Darlings, it's not that I don't cherish masculine company. I am married, after all, to a delightful man who doesn't know rickrack from eyelet and has no use for either. It's not the male-ness I object to, it's just the idea of having to adjust to a different ambience. Would I have to check my polyester slacks for panty lines? Would Taffy have to curtail her passionate impersonations of the latest Lifetime melodrama? (She does a superlative Meredith Baxter-Birney as the murderous mother in "Overheated.") Would we have Bronco games broadcast throughout the store on Sunday afternoons instead of The Gabby Gourmet? Hancock Fabrics had always been a feminine oasis for me, a place full of soft and colorful fabrics, easy listening, news about the latest craft craze, crullers. But, alas, perhaps no more.
In the meeting, Lois had hit her full managerial/ entrepreneurial stride, pacing like a kept tiger but looking like Betty Crocker. "What could possibly tempt a man to walk into a fabric store?" Lois tore a page out of her legal pad and used a straight pin to fix it to the wall. "Let's brainstorm and write all of our ideas down."
There was a moment of silence, a temporary disconnect between the velveteen and baby booties and the thought of our husbands, brothers and boyfriends tromping around in here with their muddy, oily work boots. Tres incroyable!
I looked at Suzette. After all, she was the one who was brimming with all this inspiration. It occurred to me that she was also the one who would benefit from male company the most. She certainly wasn't meeting anyone worthwhile at the Olde Towne Tavern and Grille. (This establishment is not to be confused with my hubby's watering hole, my dears; the Grille is new and trying to class itself up, but it's tres difficult when one is situated in a strip mall next to a 7-11.) She remained silent, however, looking dreamily towards the button rack.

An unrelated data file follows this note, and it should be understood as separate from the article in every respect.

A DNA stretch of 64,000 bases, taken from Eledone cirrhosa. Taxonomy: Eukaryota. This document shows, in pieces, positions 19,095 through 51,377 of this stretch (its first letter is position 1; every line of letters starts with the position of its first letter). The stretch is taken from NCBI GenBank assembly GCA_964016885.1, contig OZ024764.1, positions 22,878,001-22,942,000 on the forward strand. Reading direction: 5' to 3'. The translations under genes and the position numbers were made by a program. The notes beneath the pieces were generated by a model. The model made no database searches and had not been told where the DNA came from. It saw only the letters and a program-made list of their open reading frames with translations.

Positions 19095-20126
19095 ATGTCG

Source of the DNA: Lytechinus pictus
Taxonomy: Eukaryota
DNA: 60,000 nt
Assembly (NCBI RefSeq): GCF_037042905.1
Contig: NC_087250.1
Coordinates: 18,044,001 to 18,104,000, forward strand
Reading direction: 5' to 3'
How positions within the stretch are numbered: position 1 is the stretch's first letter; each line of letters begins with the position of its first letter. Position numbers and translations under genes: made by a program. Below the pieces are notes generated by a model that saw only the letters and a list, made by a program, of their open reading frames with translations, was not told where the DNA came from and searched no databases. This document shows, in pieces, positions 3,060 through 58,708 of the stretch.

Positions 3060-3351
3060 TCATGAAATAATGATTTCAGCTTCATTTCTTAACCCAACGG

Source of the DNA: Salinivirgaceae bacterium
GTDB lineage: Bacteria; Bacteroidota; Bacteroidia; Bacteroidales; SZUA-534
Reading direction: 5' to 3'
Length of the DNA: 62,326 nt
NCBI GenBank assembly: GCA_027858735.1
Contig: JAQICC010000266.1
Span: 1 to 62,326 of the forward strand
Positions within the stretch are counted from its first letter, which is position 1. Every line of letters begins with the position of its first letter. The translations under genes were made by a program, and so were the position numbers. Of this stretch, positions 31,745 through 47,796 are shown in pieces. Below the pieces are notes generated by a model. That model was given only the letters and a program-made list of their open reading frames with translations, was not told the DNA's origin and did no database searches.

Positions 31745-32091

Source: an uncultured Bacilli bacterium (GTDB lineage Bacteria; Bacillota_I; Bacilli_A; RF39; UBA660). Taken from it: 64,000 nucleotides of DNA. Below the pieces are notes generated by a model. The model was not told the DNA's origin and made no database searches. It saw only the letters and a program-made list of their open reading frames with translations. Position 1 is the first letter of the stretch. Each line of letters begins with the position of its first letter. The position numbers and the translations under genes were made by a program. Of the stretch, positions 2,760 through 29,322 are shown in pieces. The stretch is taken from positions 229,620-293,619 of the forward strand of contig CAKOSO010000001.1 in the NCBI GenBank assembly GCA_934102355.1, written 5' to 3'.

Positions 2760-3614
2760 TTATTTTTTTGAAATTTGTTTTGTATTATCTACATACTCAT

"The only sewing Filthy does is when he's putting a new headliner in his Ford."
Lois visibly brightened. "Well, perhaps there's more we could develop in this car restoration market. I went to the hot rod show with Tom last year, and some of those interiors would look more at home in a cathouse."
"Well, darling, I can check into that, but there's another thing. My husband would absolutely refuse to enter a store with this much cuteness floating around." I looked up at a poster of an Anne Geddes cupid. "He doesn't trust anyone with arrows, especially babies, ever since last Thanksgiving with our nephew Jayden."
Taffy obviously had some personal experience with this and jumped in with gusto. "If I bring home anything slightly feminine, Ken refuses to look at it. It could be a brand new hunting rifle, but if there are flowers on it, he'll act as if it's covered in doggy doo."
"This could be a problem, then. How do we balance our old clientele with all these macho men? We can't just throw out all the glamour buttons and kitty-cat throw pillows."
Suzette wrested her gaze from the buttons. "We'll just have to set aside part of the store that's not so frilly. Put it near the entrance so that they don't feel infected by the cute stuff."
"And add lots of lingerie models!" snorted Taffy.
Lois wasn't ready to end the meeting, however, not even for pudding cake. "Is there anything other than car stuff we can feature? Camping equipment repair maybe?"
"How about Civil War re-enactors?"
"Dearie, don't you think those men get their wives to do all the sewing? " I said. "Anyway, there aren't too many Civil War buffs in Colorado. We should all go home and ask the guys we know. See what they might use in the way of fabric or craft supplies."
Taffy interjected, "Hey, I wasn't completely joking about the lingerie, either."